WordPress is the de facto standard when it comes to content management systems. It’s ubiquitous, customizable, has a ton of plugins and has a great selection of free and paid themes. However, there could be plenty of reasons why you’d want an alternative.
You might want something simple without the bloat, something that’s easier to modify or you might simply want something that focuses on content and takes care of the rest itself.
We’ve gathered a selection of the best free alternatives to WordPress. It doesn’t matter whether you are a budding blogger, a designer or a seasoned professional. This list has something for everyone.
Open source, Free for personal and commercial use
Bolt recently got updated to v2 and it makes it a genuine contender for the best free CMS around. It’s feature set includes a responsive layout, a clean content editing experience. diverse content types and image management and a great method to create relations between your content.
It is built with Silex and uses various Symfony components so if you are a PHP professional, you can easily extend the CMS according to your needs. The front-end uses Twig, a popular templating engine, so front-end developers can easily customize the look and feel of a site running Bolt.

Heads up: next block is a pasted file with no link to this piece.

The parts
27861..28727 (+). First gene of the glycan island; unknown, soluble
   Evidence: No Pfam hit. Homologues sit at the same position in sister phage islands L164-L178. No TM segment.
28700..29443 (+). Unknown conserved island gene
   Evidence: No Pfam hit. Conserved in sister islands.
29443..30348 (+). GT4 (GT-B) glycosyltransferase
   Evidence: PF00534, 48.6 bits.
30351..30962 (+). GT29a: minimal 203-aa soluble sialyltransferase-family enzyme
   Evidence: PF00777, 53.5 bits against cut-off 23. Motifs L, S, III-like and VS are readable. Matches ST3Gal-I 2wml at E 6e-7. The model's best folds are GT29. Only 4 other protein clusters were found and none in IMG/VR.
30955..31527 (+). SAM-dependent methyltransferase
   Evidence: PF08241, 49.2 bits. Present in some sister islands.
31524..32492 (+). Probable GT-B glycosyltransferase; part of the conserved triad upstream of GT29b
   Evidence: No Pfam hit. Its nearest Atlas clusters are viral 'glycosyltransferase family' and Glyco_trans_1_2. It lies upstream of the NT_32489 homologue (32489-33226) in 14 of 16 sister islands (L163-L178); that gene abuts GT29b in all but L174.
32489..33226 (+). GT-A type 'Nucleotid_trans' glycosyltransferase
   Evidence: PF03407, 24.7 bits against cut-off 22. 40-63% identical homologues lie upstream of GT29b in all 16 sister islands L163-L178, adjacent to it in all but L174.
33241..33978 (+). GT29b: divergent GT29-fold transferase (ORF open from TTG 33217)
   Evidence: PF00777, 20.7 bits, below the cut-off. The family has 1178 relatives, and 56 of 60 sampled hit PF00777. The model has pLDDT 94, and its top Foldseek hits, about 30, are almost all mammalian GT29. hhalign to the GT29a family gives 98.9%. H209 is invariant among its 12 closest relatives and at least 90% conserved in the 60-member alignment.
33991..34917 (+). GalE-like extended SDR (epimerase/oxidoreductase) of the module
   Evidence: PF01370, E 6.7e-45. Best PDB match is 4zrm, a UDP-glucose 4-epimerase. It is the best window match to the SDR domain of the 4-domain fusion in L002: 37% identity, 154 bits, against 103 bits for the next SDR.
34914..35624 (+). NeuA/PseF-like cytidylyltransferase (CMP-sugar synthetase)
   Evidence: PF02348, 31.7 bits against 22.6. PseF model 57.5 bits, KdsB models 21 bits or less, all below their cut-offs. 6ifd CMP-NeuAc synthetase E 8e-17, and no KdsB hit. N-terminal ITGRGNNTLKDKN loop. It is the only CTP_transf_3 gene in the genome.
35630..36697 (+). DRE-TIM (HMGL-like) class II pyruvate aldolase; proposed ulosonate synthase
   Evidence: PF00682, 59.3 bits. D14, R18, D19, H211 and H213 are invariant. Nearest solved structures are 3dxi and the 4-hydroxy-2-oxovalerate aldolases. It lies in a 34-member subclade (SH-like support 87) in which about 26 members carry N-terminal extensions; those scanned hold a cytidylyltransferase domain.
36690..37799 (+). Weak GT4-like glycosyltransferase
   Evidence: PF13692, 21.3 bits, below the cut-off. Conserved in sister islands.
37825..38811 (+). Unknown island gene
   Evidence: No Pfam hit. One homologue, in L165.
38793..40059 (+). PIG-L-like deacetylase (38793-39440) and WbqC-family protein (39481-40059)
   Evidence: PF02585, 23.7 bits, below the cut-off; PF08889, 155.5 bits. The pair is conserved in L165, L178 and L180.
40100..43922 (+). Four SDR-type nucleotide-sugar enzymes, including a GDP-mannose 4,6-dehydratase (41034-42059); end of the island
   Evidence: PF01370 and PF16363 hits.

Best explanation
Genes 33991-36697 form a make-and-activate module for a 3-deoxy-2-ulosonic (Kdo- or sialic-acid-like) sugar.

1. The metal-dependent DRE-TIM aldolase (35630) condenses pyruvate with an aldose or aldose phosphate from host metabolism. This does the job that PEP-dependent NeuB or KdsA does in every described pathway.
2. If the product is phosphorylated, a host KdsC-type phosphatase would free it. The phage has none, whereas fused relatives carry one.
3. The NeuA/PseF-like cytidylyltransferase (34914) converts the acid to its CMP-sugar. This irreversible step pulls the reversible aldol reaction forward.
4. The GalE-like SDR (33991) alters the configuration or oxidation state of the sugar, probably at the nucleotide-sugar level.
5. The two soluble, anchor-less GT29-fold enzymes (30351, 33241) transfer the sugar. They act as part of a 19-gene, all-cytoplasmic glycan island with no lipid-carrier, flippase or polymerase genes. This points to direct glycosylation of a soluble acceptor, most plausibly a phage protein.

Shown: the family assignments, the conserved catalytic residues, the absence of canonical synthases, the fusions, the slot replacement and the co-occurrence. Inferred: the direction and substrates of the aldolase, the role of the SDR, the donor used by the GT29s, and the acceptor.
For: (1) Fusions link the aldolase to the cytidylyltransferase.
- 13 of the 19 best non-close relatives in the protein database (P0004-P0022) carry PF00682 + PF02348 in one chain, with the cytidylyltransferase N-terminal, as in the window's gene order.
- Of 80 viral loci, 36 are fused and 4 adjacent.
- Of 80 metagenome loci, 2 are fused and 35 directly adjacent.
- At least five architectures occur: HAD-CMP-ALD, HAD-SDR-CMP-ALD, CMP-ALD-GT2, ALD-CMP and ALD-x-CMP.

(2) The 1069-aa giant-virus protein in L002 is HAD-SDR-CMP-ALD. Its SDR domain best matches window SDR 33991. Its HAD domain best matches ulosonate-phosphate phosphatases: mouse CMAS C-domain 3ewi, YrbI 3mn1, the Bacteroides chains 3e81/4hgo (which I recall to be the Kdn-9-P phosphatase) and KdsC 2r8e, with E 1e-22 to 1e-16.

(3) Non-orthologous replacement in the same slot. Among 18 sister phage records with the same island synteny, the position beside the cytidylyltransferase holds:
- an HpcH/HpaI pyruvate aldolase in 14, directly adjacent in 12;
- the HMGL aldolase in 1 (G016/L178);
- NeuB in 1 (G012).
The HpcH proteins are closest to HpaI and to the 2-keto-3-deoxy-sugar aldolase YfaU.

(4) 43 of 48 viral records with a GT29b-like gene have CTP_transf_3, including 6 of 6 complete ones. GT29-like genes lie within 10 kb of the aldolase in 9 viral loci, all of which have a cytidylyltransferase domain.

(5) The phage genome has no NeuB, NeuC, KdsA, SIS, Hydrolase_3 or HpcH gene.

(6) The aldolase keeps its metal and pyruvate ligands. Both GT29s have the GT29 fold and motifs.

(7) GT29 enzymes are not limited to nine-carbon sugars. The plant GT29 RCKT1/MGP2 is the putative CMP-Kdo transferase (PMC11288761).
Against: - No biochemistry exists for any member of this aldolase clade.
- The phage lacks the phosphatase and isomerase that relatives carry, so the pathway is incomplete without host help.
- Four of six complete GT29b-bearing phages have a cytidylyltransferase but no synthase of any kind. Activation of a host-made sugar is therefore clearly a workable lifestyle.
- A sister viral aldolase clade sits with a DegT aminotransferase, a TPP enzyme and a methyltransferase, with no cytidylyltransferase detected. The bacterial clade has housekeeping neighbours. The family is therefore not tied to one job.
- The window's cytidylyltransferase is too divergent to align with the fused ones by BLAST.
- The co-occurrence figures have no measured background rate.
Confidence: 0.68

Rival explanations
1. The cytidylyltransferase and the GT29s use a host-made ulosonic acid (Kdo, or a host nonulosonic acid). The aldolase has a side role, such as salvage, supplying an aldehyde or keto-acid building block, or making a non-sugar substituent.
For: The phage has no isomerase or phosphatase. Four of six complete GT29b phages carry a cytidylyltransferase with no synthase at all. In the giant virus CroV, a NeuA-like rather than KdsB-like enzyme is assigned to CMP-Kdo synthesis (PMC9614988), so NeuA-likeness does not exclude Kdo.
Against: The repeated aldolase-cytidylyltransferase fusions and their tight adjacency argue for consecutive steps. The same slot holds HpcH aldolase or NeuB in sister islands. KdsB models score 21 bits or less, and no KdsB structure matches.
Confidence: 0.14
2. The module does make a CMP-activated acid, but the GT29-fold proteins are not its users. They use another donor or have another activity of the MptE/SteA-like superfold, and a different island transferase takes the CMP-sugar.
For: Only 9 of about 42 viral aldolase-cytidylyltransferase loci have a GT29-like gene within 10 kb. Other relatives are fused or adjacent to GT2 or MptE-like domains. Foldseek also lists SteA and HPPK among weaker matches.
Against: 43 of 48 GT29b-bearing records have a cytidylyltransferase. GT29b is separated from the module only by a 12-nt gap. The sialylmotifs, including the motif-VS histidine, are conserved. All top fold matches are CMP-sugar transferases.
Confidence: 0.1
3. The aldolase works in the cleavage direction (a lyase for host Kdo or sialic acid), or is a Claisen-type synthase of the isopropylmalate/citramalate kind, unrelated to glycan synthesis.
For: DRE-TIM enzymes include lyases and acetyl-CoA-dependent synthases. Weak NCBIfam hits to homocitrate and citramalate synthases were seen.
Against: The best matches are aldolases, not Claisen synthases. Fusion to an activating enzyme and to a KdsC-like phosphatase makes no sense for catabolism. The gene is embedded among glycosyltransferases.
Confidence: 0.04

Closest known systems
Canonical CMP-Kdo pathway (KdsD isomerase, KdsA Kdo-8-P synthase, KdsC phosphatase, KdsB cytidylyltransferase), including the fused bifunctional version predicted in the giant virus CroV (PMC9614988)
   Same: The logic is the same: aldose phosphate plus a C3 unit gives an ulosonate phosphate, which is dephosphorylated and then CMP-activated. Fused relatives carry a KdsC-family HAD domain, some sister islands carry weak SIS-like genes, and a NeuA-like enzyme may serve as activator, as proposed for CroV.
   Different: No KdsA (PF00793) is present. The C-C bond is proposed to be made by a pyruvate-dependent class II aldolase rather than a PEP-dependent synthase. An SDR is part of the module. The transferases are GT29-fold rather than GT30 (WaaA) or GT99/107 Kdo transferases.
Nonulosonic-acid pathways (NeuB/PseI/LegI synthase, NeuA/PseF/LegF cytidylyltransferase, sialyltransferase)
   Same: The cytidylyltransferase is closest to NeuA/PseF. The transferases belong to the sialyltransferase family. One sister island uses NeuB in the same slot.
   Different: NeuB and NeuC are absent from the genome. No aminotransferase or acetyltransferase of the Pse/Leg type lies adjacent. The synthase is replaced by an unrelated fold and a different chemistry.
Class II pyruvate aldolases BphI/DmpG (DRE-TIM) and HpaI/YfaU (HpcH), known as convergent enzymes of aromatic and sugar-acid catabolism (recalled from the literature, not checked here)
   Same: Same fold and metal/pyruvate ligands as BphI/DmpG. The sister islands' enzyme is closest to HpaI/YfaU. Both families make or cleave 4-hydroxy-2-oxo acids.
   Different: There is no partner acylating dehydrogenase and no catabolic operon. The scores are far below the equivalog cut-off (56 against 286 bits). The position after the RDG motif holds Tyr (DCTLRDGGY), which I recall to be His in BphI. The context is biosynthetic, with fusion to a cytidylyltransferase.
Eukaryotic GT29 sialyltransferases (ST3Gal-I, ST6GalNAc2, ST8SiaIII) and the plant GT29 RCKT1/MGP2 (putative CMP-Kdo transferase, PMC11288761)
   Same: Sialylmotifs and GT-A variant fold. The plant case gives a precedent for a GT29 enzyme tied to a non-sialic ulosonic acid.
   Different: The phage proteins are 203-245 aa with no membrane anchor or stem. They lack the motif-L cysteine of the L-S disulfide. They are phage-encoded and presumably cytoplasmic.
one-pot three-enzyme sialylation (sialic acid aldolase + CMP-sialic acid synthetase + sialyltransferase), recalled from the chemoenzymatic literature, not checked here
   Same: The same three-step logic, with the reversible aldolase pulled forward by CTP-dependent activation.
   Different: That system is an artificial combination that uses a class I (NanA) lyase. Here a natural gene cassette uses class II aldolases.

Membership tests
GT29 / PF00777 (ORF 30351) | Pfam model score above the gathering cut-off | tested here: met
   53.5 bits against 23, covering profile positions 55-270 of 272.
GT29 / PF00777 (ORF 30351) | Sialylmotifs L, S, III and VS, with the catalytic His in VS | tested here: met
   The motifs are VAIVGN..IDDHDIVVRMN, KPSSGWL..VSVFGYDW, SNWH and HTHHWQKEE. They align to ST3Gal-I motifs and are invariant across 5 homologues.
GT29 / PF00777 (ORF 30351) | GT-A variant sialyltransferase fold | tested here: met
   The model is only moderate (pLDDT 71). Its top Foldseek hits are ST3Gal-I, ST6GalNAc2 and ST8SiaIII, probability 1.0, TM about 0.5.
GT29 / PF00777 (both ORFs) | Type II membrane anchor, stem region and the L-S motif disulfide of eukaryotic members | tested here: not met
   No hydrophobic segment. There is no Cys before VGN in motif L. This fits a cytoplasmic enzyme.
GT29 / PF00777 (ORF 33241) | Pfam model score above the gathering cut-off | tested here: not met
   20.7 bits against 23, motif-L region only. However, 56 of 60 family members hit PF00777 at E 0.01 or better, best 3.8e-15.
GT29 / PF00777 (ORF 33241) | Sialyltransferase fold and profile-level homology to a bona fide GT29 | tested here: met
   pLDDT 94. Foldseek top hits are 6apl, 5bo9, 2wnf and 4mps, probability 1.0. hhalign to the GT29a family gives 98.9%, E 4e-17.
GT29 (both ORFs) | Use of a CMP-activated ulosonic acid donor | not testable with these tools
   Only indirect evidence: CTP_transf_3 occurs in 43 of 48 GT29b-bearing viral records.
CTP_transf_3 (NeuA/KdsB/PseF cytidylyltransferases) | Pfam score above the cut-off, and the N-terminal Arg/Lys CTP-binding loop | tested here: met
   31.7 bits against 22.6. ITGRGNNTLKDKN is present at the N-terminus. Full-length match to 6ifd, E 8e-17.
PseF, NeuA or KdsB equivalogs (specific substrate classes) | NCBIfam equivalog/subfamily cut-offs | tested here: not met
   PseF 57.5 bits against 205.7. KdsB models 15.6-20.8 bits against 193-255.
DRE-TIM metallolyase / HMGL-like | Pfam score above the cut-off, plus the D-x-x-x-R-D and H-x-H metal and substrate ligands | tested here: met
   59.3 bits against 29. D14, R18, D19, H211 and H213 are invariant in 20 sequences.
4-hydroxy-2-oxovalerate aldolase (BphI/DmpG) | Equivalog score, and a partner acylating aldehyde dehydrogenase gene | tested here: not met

Free open source license, paid commercial license
Dislike dealing with PHP but but still want control over how your blog looks and behaves? CouchCMS might be your cup of tea. It allows you to take any HTML/CSS website and make it CMS enabled through the addition of a few XHTML tags. At no point do you have to deal with back-end code, which makes it ideal for designers.
A highlight feature is ‘Editable regions’, which are of great help when you’re using CouchCMS to build something for a client. Other features include cloned pages, comments, auto-validating forms, RSS feeds and URL cloaking among others.
Open source, MIT license
For those of you who are thinking, “I thought you said there would be simpler stuff in here!”, Pico is an ideal WordPress alternative. It is a flat file CMS, which basically means that it does not use a database. This means anything powered by Pico is fast and very simple. Essentially, you’d be editing text files to create and update posts.
Pico uses Markdown, which is an easy to read and easy to write plain text format that converts to HTML. For theming, it uses the Twig templating engine. Keep in mind that Pico does not support PHP versions lower than 5.3.
Open source, free
Another alternative that is much simpler than WordPress, Anchor CMS keeps the focus on writing while providing all the features you can’t really do without. It literally installs in two minutes and provides a nice dashboard for managing all your content.
Open source, free
Modx Revolution is brilliant if you want complete control over every aspect of your site. It has an amazing community and high customizability so if you do client work, this is one option you should definitely be checking out.
It provides an easy way to extend the platform without resorting to hacks and a great manager which can be tweaked exactly how you want it. Not only that, it also provides advanced features for running multiple sites and scaling on multiple servers.